Firsthand Takes On: Housing is a new series by Mothership, diving into the topic of housing in Singapore with in-depth articles and videos.
We’ll explore the uniquely Singaporean housing system by experiencing it for ourselves, gathering expert opinions, and hearing the perspectives of young Singaporeans, to present the points of view that matter, firsthand.
It was a Friday morning at Holland Close and the Housing and Development Board (HDB) block void decks were flickering with the understated buzz that accompanied the last workday of the week.
I watched as residents filtered out of lifts and staircases to work, while young children formed somewhat orderly queues outside their pre-schools.
The nearby market was the busy centre of activity you’d expect it to be.
Yet, one large space adjacent to the estate offered respite from the bustle, resting under the morning sun in almost dead silence.
Established long before Holland Close was redeveloped into an HDB estate, Shuang Long Shan Wu Shu Memorial Hall and its accompanying cemetery remain oddly out of place in a country that is so meticulously planned.
It is one of the few places in Singapore where living and dead lie side by side, and is notable for its proximity to the HDB blocks that overlook the cemetery.
Yet, superstitions and the superstitious abound, and it got me wondering if houses like the ones in Holland Close may be something of pariahs in Singapore’s hot housing market.
As Singaporeans assess their options, do these homes offer better prices due to their unwanted status? Or will their resale value be significantly undermined by what lies underground close by?
Bad Feng Shui
Conventional wisdom seems to suggest that cemetery + dead things = spooky = not really somewhere you want to stay.
But is that really the case?
Just to make sure I wasn’t jumping to any inaccurate conclusions, and to do my due diligence as a serious reporter, I consulted Calvin Chong of Ghostbuster — a geomancy and exorcist service in Katong.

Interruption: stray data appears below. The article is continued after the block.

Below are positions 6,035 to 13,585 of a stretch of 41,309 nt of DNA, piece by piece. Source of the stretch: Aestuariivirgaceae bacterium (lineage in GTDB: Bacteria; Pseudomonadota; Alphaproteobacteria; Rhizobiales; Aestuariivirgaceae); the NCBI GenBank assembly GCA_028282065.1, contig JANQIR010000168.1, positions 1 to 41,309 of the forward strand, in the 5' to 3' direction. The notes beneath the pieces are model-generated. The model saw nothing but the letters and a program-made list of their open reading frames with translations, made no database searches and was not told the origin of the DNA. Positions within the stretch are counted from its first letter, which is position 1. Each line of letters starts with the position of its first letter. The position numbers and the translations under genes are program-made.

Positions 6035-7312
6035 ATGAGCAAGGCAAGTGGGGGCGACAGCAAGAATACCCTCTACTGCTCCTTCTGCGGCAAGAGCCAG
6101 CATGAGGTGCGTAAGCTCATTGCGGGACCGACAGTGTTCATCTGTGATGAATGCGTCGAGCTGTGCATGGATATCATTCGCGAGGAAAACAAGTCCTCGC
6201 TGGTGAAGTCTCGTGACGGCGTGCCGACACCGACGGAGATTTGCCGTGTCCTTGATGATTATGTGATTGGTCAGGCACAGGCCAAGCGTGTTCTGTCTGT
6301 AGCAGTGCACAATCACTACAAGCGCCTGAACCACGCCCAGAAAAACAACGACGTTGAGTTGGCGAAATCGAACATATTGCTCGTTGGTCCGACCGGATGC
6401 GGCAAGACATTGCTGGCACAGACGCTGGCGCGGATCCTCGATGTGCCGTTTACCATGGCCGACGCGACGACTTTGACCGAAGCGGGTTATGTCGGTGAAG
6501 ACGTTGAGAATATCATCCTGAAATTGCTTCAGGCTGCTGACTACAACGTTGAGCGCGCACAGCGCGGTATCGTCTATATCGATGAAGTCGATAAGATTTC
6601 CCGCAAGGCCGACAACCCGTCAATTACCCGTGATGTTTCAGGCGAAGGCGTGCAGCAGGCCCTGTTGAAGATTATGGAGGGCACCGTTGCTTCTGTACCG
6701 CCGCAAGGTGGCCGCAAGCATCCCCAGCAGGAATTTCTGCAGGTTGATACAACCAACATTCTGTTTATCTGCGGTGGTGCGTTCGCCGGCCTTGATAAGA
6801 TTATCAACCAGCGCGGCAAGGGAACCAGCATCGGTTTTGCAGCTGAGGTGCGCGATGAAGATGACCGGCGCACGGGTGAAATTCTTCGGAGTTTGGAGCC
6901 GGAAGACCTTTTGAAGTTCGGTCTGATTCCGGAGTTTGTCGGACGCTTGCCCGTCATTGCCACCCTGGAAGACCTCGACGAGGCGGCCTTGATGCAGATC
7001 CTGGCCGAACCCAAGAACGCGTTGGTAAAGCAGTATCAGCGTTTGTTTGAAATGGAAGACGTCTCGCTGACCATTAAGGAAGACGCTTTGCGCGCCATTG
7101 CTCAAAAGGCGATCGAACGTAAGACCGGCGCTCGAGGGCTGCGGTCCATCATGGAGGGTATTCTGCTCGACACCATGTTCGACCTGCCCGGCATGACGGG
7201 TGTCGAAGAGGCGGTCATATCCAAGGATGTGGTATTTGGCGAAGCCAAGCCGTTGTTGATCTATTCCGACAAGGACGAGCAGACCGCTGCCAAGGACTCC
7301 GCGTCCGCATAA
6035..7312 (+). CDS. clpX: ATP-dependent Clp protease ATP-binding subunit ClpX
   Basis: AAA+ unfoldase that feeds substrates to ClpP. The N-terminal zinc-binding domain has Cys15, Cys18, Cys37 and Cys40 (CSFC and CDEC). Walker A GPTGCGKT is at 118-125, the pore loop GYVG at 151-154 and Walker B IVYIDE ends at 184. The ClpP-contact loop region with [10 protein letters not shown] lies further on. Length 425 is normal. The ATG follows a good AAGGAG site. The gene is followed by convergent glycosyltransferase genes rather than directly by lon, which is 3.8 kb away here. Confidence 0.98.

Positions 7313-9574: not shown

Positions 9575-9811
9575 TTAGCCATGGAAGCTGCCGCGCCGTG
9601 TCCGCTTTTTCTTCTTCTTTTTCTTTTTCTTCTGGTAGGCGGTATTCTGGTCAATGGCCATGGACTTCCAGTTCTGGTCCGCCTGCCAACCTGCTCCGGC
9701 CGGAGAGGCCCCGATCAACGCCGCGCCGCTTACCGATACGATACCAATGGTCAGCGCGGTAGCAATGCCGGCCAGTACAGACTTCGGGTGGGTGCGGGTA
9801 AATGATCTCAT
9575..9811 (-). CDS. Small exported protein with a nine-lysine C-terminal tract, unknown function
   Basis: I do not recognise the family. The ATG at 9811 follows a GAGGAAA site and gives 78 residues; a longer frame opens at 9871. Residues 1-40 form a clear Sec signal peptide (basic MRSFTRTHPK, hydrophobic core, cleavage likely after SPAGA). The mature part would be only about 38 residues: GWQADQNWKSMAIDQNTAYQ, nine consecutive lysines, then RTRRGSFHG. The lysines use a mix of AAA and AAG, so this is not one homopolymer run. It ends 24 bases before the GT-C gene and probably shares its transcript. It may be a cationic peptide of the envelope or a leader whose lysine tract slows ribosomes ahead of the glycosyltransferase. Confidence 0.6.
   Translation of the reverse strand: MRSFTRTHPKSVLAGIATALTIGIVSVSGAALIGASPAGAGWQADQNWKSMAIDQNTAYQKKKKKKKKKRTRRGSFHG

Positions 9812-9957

Chong has been in the business for 12 years and is a master of Feng Shui and, well, ghostbusting.
He confirmed my suspicion that living next to a cemetery was not ideal, albeit with some caveats.
“It depends on the proximity of the specific unit,” he said to me.
“It also depends on the owner. It may not necessarily translate into bad fortune for the people who stay there.”
According to Chong, whether a unit is auspicious for its occupants is determined by a combination of factors like what direction it faces and what sector of the building it’s in and how these characteristics line up with the resident’s bazi (date and time of birth).
A place with bad geomancy though, can be more prone to hauntings.
“The energy is not ideal for the occupants,” said Chong.
In any case, if you do find yourself living next to a cemetery, there are always things you can do to remedy any bad Feng Shui you have.
Geomancy masters like Chong conduct on-site audits to get a reading of the location and analyse their client’s bazi before conducting Feng Shui sessions.
“It’s kind of like seeing the doctor. It’s not just what the patient says but the diagnosis is important as well and will determine what needs to be done,” Chong explained.
The ghostbuster and his colleagues also help clients with hauntings through exorcisms and Taoist rituals.
So maybe living next to a cemetery isn’t exactly that much of a dealbreaker from a Feng Shui point of view.
Living on top of a former cemetery
It also doesn’t seem like much of a dealbreaker for the many young Singaporeans looking for their first homes.
One of the hottest new towns in recent times has been HDB’s Bidadari Estate, which comprises 12 projects.
The most recent launch for projects in the estate in 2021 saw a glut of interested applicants — 3,193 hopeful applicants joined the ballot for 323 5-room units in the ParkEdge @ Bidadari and Alkaff Breeze developments.
Yet, the estate itself sits on the former site of a cemetery.
This was known to all five of the Bidadari BTO owners I spoke to, though it evidently didn’t put them off applying for their flats.
Instead when it came down to it, more practical concerns came to the fore.
Denise Tan, 28, grew up in the area and wanted to live somewhere close to her parents.
When it’s completed, she’ll be moving into a unit in the Bartley Beacon project.
“I used to cycle through that cemetery in the day,” she told me.
“It seemed pretty peaceful and not bad vibe-y. Anyways I’m not sure if spirits haunt cemeteries… I feel like their unfinished business would be elsewhere.”
Can’t argue with that logic, I suppose.
For 30-year-old Andrew Lim, living in Bidadari means enjoying the convenience of amenities and accessibility.
His home at Woodleigh Glen is right next to the MRT station, a few stops from NEX, and a walkable distance from Woodleigh Mall.